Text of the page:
True Tales of Dysfunctional Boards

nonprofit board dysfunction

Is your nonprofit board a train wreck?

A while back I wrote about Post Traumatic Board Member Disorder, or PTBMD for short.

Since then, a number of people have shared with me their stories of “train wreck” nonprofit boards. Seems it’s epidemic!

But fixing dysfunctional boards is a big part of my mission. And the first step is to clearly identify the problem.

And so today I’m going to tell you the funniest (saddest?) train wreck board stories that have been shared with me. These all really happened, but I suspect they’re not unique. Let me know if any sound familiar.

FIRST, A FEW CAVEATS

Caveat #1: I’m not going to name any names. If you ask me, this isn’t about your board.

Caveat #2: I firmly believe that most people join boards because they sincerely want to do good and are willing to volunteer time to work with others to make the world a better place. What’s better than that?

Caveat #3: From my own experience as a board member, I know how frightfully easy it is for dysfunction to set in. There was that time, for example, when I voted in favor of a motion I didn’t actually agree with because I was distracted posting adorable photos of myself to Facebook. Or the time I attempted to illustrated how smart I was by asking a zinger question only to find out the question had already been answered hours ago. I’m as guilty as anybody.

THE THREE DEADLY SINS OF DYSFUNCTIONAL BOARDS

I’ve organized these stories into several general themes. Each represents a “sin” that boards sometimes make. These boards all need to repent!

Sin #1: Cheapness

  • We’re in serious financial trouble. At our last board meeting, the Executive Director informed the board we might not make payroll. One board member asked if at the next meeting we could do better than Subway for lunch.
  • During my salary negotiations (I’m the Executive Director) more than one board member told me that the gratification for all the good work should be compensation aplenty.
  • At least half our board asked us for comp tickets to our annual fundraising gala.

Sin #2: Cluelessness

  • During a board meeting, a board member actually said, out loud, “I’m afraid my mother will be mad at me if I ask her to make a donation.”
  • At our last meeting, a board member suggested the agenda be sent ahead of time. But it was. And she had even brought it with her.
  • Pretty much every single meeting there are board members who don’t show up but post about an event they went to at the same time on Facebook.
  • I’m the Director of Development. I present at every board meeting. At the last one, a long time board member called me the wrong name. Three times.
  • I constantly catch board members playing Candy Crush during meetings.
  • It’s amazing how often I have to remind a certain member of our board what committee she’s on.

Sin #3: Self-Importance 

  • Our board members refuse to come to our events unless they’re given a speaking role.
  • We had a board member negotiate a merger with another organization, which would be fine except she wasn’t the chair, wasn’t on any committee, and had no authority to do so.
  • Our board member joined the board of a competing organization. Somehow he couldn’t see any conflict of interest.
  • We had a board member who started a competing organization but refused to resign. And our board was too chicken to push her out!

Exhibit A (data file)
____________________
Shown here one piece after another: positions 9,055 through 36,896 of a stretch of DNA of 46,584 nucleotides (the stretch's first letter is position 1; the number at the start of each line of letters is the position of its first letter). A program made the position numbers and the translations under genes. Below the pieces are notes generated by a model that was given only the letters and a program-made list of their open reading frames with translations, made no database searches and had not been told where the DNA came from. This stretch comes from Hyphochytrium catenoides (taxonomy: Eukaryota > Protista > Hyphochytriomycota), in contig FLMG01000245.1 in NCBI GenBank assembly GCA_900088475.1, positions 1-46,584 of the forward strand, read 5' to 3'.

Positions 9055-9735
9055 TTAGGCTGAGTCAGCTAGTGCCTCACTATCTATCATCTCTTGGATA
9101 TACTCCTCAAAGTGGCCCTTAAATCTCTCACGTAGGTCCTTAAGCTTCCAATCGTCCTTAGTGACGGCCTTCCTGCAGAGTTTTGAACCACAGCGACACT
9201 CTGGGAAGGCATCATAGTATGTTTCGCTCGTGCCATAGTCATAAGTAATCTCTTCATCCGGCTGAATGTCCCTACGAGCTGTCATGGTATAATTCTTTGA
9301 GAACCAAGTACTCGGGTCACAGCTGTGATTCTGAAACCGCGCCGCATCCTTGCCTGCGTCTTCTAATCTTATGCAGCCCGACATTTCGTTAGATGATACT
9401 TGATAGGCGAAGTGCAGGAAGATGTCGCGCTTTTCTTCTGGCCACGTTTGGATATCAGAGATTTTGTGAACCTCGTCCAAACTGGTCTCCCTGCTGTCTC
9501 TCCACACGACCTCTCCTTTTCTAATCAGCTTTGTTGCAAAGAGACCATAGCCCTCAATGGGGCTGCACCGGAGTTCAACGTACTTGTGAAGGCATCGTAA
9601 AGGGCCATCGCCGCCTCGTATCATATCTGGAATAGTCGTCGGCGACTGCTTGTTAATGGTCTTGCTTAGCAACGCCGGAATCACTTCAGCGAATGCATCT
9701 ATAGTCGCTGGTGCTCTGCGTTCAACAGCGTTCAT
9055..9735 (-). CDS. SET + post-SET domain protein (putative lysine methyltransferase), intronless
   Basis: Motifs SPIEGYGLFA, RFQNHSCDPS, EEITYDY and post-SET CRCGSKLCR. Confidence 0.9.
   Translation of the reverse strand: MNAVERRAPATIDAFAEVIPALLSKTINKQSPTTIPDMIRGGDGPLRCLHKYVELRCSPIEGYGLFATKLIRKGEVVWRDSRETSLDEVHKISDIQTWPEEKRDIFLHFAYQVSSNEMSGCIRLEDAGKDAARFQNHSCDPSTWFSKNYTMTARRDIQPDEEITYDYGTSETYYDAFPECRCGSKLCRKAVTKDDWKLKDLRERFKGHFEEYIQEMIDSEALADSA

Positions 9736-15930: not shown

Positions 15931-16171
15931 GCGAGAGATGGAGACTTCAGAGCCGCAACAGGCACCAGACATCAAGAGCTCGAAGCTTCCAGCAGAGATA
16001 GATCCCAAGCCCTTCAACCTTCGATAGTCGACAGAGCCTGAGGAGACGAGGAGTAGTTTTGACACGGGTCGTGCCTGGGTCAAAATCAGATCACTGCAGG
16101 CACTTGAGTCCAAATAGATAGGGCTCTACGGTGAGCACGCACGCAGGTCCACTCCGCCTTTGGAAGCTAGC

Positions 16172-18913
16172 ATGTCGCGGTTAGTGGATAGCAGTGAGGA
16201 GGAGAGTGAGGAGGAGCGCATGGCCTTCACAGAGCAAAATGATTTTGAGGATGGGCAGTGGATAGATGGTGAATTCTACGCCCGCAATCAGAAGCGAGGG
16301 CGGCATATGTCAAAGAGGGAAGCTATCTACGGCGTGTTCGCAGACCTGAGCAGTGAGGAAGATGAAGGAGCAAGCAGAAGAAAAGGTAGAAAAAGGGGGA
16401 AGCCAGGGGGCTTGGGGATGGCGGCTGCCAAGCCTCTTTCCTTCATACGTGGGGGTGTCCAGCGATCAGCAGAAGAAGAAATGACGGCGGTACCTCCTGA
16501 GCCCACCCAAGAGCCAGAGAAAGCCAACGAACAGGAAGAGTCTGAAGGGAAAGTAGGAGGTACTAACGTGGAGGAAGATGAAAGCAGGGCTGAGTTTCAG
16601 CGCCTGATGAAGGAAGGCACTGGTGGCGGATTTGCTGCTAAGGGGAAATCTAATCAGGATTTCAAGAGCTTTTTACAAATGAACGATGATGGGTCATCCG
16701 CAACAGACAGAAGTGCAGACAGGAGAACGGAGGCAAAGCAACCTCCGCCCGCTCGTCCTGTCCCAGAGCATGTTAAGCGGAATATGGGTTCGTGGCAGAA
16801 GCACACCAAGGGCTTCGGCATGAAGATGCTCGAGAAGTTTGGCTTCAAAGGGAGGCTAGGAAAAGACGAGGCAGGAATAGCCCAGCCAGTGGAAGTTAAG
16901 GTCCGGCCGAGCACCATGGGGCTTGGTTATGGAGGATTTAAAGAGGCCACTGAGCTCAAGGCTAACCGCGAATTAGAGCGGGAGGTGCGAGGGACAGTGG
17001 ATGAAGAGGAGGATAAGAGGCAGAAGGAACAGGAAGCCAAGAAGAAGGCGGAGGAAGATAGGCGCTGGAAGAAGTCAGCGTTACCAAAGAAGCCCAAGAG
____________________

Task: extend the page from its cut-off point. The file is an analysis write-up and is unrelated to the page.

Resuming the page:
• One of our members pledged a bunch of money many months ago but never cut the check. Last week we saw his name listed as a leading donor for another organization.

DO YOU HAVE ANY STORIES TO SHARE?

So what about you? Have any great stories to share? If you’re willing to be public about them, please share in the comments. Or, if not, you can share them privately here and let me know if it’s OK for me to write about them anonymously.

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  • Wondering

    I don’t know on which category this board will fall. The 90% of them are the Ex. Director’s best friends (puppets). They are aware of how unhappy the staff are with the E.D., how things are not done by the head and is never accountable for her actions (lied about focus group results, making random fundraising decisions, yelling and undermining the role of the coordinators and other admin staff, never listening, always take staff complaint personally and start threatening and the list goes on. The President of the Board, the Vice president and some more of the directors are aware, but does nothing………….. I wonder why?

    • http://joangarry.com/ Joan Garry

      Dear Wondering: I would suspect that the primary reason for all of this is that these 90% are not coming to the organization for the right reason. Right = a passion for the mission of the organization and an unwavering sense of responsibility to do whatever is in the best interest of that mission. A board member recruited by the ED because of their personal relationship can be a big problem (not always) because they often provide cover for their pal. I am sorry for the staff of this organization and can only hope that there is somewhere in that 10% a few change agents.

  • Tim Herron

    Last year as a board member we were sued by the President for not providing a severance package when a merger of two chapters happened. The problem, the President resigned a month before the merger. The staff that he hired in his first three months of being there also left and brought legal action to the charity. All actions were dismissed as nuances and when the board would not agree to any further compensation, the rest of the employees quit. Quite a mess.

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